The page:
The Queen v. Russell. -- The Attorney-General prayed the judgment of the Court upon Charles James Russell.  Mr. Russell being in attendance, the Chief Justice said -- This was an information filed by the Attorney-General against the defendant for a misdemeanour.  There were five counts.  The first stated, that on the 5th April, 1839, one James McIntosh [died a sudden death at Sydney and] that his body laid dead, and that according to the laws of the Colony in such cases, an inquisition is had and taken on the view of the body by and before one of the Coroners of the Queen and a Jury in that behalf, and that such inquisition ought to be had and taken on view of the said body, in order that it might be inquired into and found whether the sudden death was caused by violent means or from natural causes or otherwise, and that the same might be found by verdict and return of the said Coroner and Jury.  That the defendant, a Surgeon, well knowing the premises, did unlawfully, &c. cut open the head of the body of the deceased, and removed and took away from and out of the said head, the brains thereof, in order and for the purpose that the cause of the sudden death of deceased might not be found and ascertained as aforesaid, and thereby to frustrate the ends of public justice, in contempt of the laws, &c.  The second count stated that deceased had suddenly died, and that defendant being an evil-disposed person, and not having regard for the religion, laws, &c., whilst the body laid dead, contrary to decency, good morals, and religion, and in contempt of the laws, &c., did without any reason or necessity, wantonly, indecently, unlawfully and contemptuously cut open and dissect part of the body of the deceased so lying dead, to the great scandal, &c. of religion, in contempt, &c.  The third count stated that whilst the said body laid dead, the defendant, without any authority, and almost immediately after life departed, and whilst the body of the deceased so lying dead was still warm, did cut open, dissect, and mutilate the body of the deceased so lying dead, to the grievous affliction of the relatives and friends of the deceased, in contempt of the laws, &c.  The fourth count stated, that at the time the body of deceased lay dead as aforesaid, one John Ryan Brenan, Esq., was the Coroner for the Queen, acting as such Coroner, for the district of Sydney, in the Colony aforesaid, and that defendant being an inhabitant of the district of Sydney, and having notice of the premises, and not regarding his duty in that behalf, did not at any time send or give notice to or for the said J. R. Brenan, or to or for any Coroner of the Queen for the said district of Sydney, or any Coroner of the Colony, to view the body of the deceased, but unlawfully &c. omitted and neglected so to do, and unlawfully &c. did cut open and dissect the head of the body of the deceased, and removed the brains from and out of the head of the said body, and cut open and dismembered the said body, without and before any view being had of the said body by the said J. R. Brenan, or any Coroner of the Queen for the said district, and before any inquisition being had and taken on the view of the body of the deceased, as by law required in that behalf, to the great hindrance of justice, in contempt of the Queen and her laws, &c.  The fifth count stated, that the defendant not being a legally qualified medical practitioner, in pursuance of the local ordinance passed on the 12th October, 1838, entitled ``An Act to define the qualifications of Medical Witnesses at Coroners' Inquests," &c., and well knowing the premises, and contriving and intending to prevent a legally qualified medical practitioner from giving full and sufficient evidence at and upon the holding of an inquest on view of the body of the deceased so lying dead as aforesaid, of the cause or probable cause of the sudden death of the deceased, did on &c., unlawfully &c., dissect and mutilate the body of the deceased, and did unlawfully &c. cut open the head of the body of the deceased, and take and carry away the brains from and out of the head of the same body, with an unlawful and wicked intention to pervert the due course of justice, in contempt, &c.  To this information there was a general demurrer, and the question is, whether there is sufficient on the face of the record to warrant the Court in giving judgment against the defendant as for a misdemeanour.  In the course taken by the defendant he admits the facts stated, in the information, and contends that admitting the facts so alleged against him to be true, they do not constitute any offence punishable by law.  It is clear that if any one count in the information be good, the Court may proceed to pronounce judgment and award sentence, without the intervention of a Jury upon the merits.  By demurring the defendant has concluded himself upon the facts, instead of going before a Jury and offering any matter of defence excusatory of his conduct or demonstrative of his innocence of the matter charged.  Had he been found guilty by a jury the objections taken on demurrer were equally open to him in arrest of judgment.  Having therefore closed the door of inquiry by the country, and declined taking chance of an acquittal, we are now to determine the case as it appears upon the record.  The facts admitted by the demurrer to the different counts, respectively, are these:-- First, that McIntosh had died a sudden death, and that by the law of the Colony it was requisite that an inquest should be holden on the body, before a Coroner and Jury, in order to ascertain the cause of the death, and that the defendant knowing the premises, cut open the head of the body and removed the brains therefrom, in order and for the purpose that the cause of the sudden death might not be ascertained, and thereby to frustrate the ends of public justice.  Secondly, that without any reason or necessity he cut open and dissected part of the body of the deceased.  Thirdly, that without any authority, and almost immediately after life had departed, and whilst the body was still warm, he did cut open, dissect, and mutilate the body of the deceased.  Thirdly that knowing J. R. Brenan, Esq. to the be the Coroner for Sydney, and acting as such, and defendant being an inhabitant thereof, contrary to his duty as such, did not give notice to the said Coroner of the death of the deceased, that an inquest might be held on the body, but on the contrary thereof, and before any view had been had of the body by the said Coroner, he did cut open and dissect the head of the body of the deceased, and removed the brains from and out of the head of the body, and cut open and dismembered the body, to the great hindrance of justice.  Fifthly, that being an unqualified medical practitioner, according to the law of the Colony, and intending to prevent a legally qualified medical practitioner, according to the law of the Colony, and intending to prevent a legally qualified medical practitioner from giving full and sufficient evidence at an inquest upon the body of the deceased as to the cause of the death, he dissected and mutilated the body, and cut open the head thereof, and took and carried away the brains from and out of the head, with intent to pervert the due course of justice.  Upon these facts, admitted by the demurrer, it was contended, first, that those counts which mentioned a Coroner either generally or by name, were bad, because there was no legally appointed Coroner for Sydney or any other part of the Colony, and that consequently the whole matter charged by these counts to be criminal had no basis to support them; and secondly, admitting this objection to be tenable, there was nothing imputed to the defendant in the other counts which amounted to a crime, however offensive it might be to good taste or propriety.  I am of opinion, that in the way in which this case is presented to the Court, we are not at liberty to consider the question, as to the mode of appointing Coroners in New South Wales.  The demurrer does not raise that question, if any doubt could be entertained upon it.  The defendant is estopped [sic] by the record on this point, for he must be taken to have admitted that by the law of the Colony an inquest must have been had upon the body in question, and that at the time the body laid dead, J. R. Brenan, Esq. was the Queen's Coroner, acting as such for the district of Sydney.  In the absence of all proof to the contrary, we are, for the purposes of this case, bound to presume that the Coroner was lawfully appointed by Her Majesty, and that it is not now open to the defendant, after demurrer, to dispute the validity of his appointment. Could such a question have been raised, the mode of appointment must have been matter of proof before a Jury, and if the question were disputable, the point might be determined on special verdict.  The defendant has, however, concluded himself from disputing this part of the case, by admitting on the record, that there is such an officer in existence in the Colony, and that by the law of the Colony an inquest on a dead body must be holden by and before such an officer.  We can look to the record only, and see whether there is a sufficient constat of facts aptly charged to warrant us in giving judgment upon it.  Here we have the fact admitted, that at the time this body laid dead, there was a Coroner of the Queen for Sydney acting as such in the district where the sudden death occurred.  I do not therefore think it necessary to enter into any consideration of the very ingenious argument addressed to us on this part of the case, it being no part of the duty of this court to decide points not necessarily involved in a case submitted for judgment.  It being admitted that there is in fact a coroner for the district where this sudden death happened, having cognizance by law of sudden deaths, within his jurisdiction, the only question now is, whether the conduct imputed to the defendant, in all or any of the counts, is criminal, in the eye of the law.  I agree, that giving hard names to an Act, innocent in itself, will not make it criminal.  The terms wicked, contemptuous, pernicious, wanton, indecent, scandalous, disgraceful and irreligious, (expletives, pregnant of great pungency), would not, I admit, give any deeper colour to the transaction charged as criminal, unless it were really criminal in the eye of the law.  But is the act imputed to the defendant innocent as it appears on this record?  By the Statute de officio coronatoris, IV Edw. 1, st. 2, which was passed in affirmance of the common law, the Coroner, upon information, shall go to the place where any beslain or suddenly dead or wounded, and forthwith summon a jury to enquire into the circumstances attending and the cause of the death, and the jury must view the body.  Although the Statute alluded to does not say expressly, that the Coroner shall take his inquest on view of the dead body, yet it is clearly laid down by all the books, that an inquest of death can be taken by a Coroner super visum corporis only, and if there be no view, the inquisition is void.  This is an essential part of the duty of the Coroner, to the intent of making due enquiry as to the cause of the death for the purposes of public justice.  In truth the body itself is part of the evidence before the jury, and if they see it before, and not after, they are sworn, a material part of the evidence is given when the jury are not upon oath.  It is essential then, for the ends of justice, that the inquest should have the dead as well as the living witnesses untampered with before them, in order to enable them to arrive at a just conclusion.  This being the law, has the defendant been guilty of any criminal infraction of it?  It is charged in the various counts, that the defendant cut open the head of the body and removed the brains, in order and for the purpose that the cause of the sudden death might not be ascertained, and thereby to frustrate the ends of justice, -- that without any reason or necessity he did so; -- that without any authority and almost immediately after life had departed, and whilst the body was still warm, he did so, -- that knowing of the sudden death, and that J. R. Brenan, Esq. was the Coroner, he contrary to his duty, before any inquest was held, cut open the head, to the great hindrance of justice, -- and that being an unqualified person by the law of the Colony, and to prevent due enquiry into the cause of the death, he cut open the head with intent to prevent the due course of justice.  Regarding these allegations as now indisputable, I have no hesitation in holding this to be a criminal misdemeanor.  The act imputed, tended to defeat the very object of the Coroner's inquest.  How could the jury, upon view of the mutilated body, determine the cause of the death?  It is an offence at law to tamper with a living witness, prior to an ordinary trial, and surely it is no less so, to practice upon the most important witness upon so solemn an enquiry as an inquest super visum corporis.  The view of the body is often the most important and material proof before the jury.  The body, in such cases, often speaks more eloquently and convincingly for itself than the most consistent oral testimony.  The silence of death is more impressive than the vocal testimony of living witnesses.  The gravamen of the defendant's offence is, that without reason, or necessity, and without authority, and being an unqualified person, he did this act, in order to prevent due inquiry into the cause of the death, and for the purpose of hindering public justice.  This I hold to be a high misdemeanor.  It was competent for the defendant to have proved before a jury, if he could, that he was the medical attendant of the deceased before his death, and that he had the authority of his relatives to open the head, either for their satisfaction or for purposes of medical science, or that there was some cogent reason or necessity for opening the head, extracting the brains, and carrying them away.  By demurring to the information he has shut himself out from these grounds of defence, and taking the facts in the marked manner in which they are alleged, I cannot hesitate to pronounce this a criminal act at common law.  Whether it was con[t]rary to religion, we are not called upon to decide, but there can be no doubt that the wanton, unnecessary, and unauthorised, mutilation of a dead body, whether for idle curiosity or otherwise, is an offence.  Doubtless the interests of science ought to be promoted by all legitimate means.  The welfare and the happiness of the living are involved in an anatomical knowledge of the human frame.  However shocking it may be to popular prejudices, dissection is necessary and often indispensable, for the advancement of the sciences of surgery and medicine, by which the alleviation of human misery and the prolongation of human life are deeply concerned; and I should be sorry to give encouragement, in this enlightened age, to any popular feeling upon such a subject.  It is the manner and circumstances of this transaction, which constitute its offensive character.  Here the act of mutilation stands on the record to have been wanton, unnecessary, and unauthorized.  Such an act is criminal, as being contra bonos mores.  It was on this principle that it was determined to be an indictable offence to take up a dead body even for the purpose of dissection, (Rex v. Lynn, 2 T. R. 733, 1 Leach, 497), the Court holding ``that common decency required that the practice should be put a stop to; that the offence was cognizable in a criminal Court, as being highly indecent, and contra bonos mores; at the bare idea of which nature revolted, and that the purpose of taking up the body for dissection did not make it less an indictable offence."  If it be criminal to take up a dead body after burial, for the apparently innocent purpose of dissection, I cannot think it less criminal to dissect it before burial, without any reason, necessity, or authority assigned, with this additional ingredient, that it is done for the purpose and with the intent to hinder public justice.  In this information it is alleged, that the defendant took and carried away the brains from and out of the head of the deceased.  If this had the effect of defeating the enquiry as to the cause of the death, it would be no more effective for that purpose, than if he had taken away the body altogether, which it will not be disputed would be a criminal act, if unauthorized by competent authority.  On the whole of this case, I am of opinion that the information is good in law, and that we are bound to award judgment and sentence upon the defendant.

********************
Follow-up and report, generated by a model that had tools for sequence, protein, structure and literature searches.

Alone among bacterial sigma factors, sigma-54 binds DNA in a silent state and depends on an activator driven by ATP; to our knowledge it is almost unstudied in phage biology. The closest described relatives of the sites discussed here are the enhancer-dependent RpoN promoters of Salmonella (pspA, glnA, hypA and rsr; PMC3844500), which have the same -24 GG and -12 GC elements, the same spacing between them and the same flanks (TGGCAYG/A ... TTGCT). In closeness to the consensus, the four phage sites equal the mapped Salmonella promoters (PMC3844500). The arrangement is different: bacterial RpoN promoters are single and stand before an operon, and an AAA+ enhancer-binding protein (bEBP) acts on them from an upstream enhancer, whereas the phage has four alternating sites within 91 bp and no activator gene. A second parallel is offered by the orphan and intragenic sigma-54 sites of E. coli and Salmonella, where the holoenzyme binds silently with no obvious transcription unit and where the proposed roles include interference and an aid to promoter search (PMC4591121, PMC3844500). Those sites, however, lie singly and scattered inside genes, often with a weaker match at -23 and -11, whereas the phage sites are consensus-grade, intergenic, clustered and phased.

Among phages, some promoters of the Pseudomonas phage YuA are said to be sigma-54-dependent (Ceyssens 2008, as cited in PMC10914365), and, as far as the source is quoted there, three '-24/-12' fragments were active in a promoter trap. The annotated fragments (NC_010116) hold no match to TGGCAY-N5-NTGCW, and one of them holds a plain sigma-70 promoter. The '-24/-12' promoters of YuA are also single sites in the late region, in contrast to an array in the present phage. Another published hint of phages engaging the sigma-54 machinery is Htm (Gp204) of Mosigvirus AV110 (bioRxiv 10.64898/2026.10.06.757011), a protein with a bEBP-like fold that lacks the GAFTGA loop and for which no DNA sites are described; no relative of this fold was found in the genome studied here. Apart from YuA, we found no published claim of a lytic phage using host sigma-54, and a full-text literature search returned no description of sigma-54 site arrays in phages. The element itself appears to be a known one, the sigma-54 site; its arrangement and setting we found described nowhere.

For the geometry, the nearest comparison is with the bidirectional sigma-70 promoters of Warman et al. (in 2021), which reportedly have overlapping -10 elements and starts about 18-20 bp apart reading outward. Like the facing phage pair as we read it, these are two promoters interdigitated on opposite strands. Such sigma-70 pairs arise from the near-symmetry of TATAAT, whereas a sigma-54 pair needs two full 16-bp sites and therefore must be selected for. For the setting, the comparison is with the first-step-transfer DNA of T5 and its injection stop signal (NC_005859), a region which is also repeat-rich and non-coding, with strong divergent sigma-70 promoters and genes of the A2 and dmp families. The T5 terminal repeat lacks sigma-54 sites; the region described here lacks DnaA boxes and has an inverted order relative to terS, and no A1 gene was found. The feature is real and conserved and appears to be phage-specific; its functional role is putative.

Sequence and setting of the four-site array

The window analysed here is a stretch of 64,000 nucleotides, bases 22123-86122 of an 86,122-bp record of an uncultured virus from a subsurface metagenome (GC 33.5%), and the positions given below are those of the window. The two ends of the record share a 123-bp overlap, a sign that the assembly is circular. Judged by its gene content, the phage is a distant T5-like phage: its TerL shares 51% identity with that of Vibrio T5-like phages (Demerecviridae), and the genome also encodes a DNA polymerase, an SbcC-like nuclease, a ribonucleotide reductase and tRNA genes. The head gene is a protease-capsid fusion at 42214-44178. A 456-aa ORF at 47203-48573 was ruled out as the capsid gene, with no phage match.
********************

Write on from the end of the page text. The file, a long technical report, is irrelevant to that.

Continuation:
Both the other Judges delivered judgments to the same effect, but in consequence of the great length of Judge Willis's arguments, we are compelled to omit it in the present number.  Mr. Windeyer then briefly addressed the Court in mitigation, and the Attorney-General in aggravation, after which Mr. Russell was sentenced to pay a fine of £50 to the Queen.

 

Notes

[1]  The Sydney Herald got the date wrong, as the newspapers often did.  In this week Wednesday fell on the 14th of August.

This is one of the few cases of this period to be reported.  See (1839) 1 Legge 110, solely on the judgment delivered on 16 September 1839.  That judgment is reproduced below.

[2]  See also Sydney Gazette, 17 September 1839.

Published by the Division of Law, Macquarie University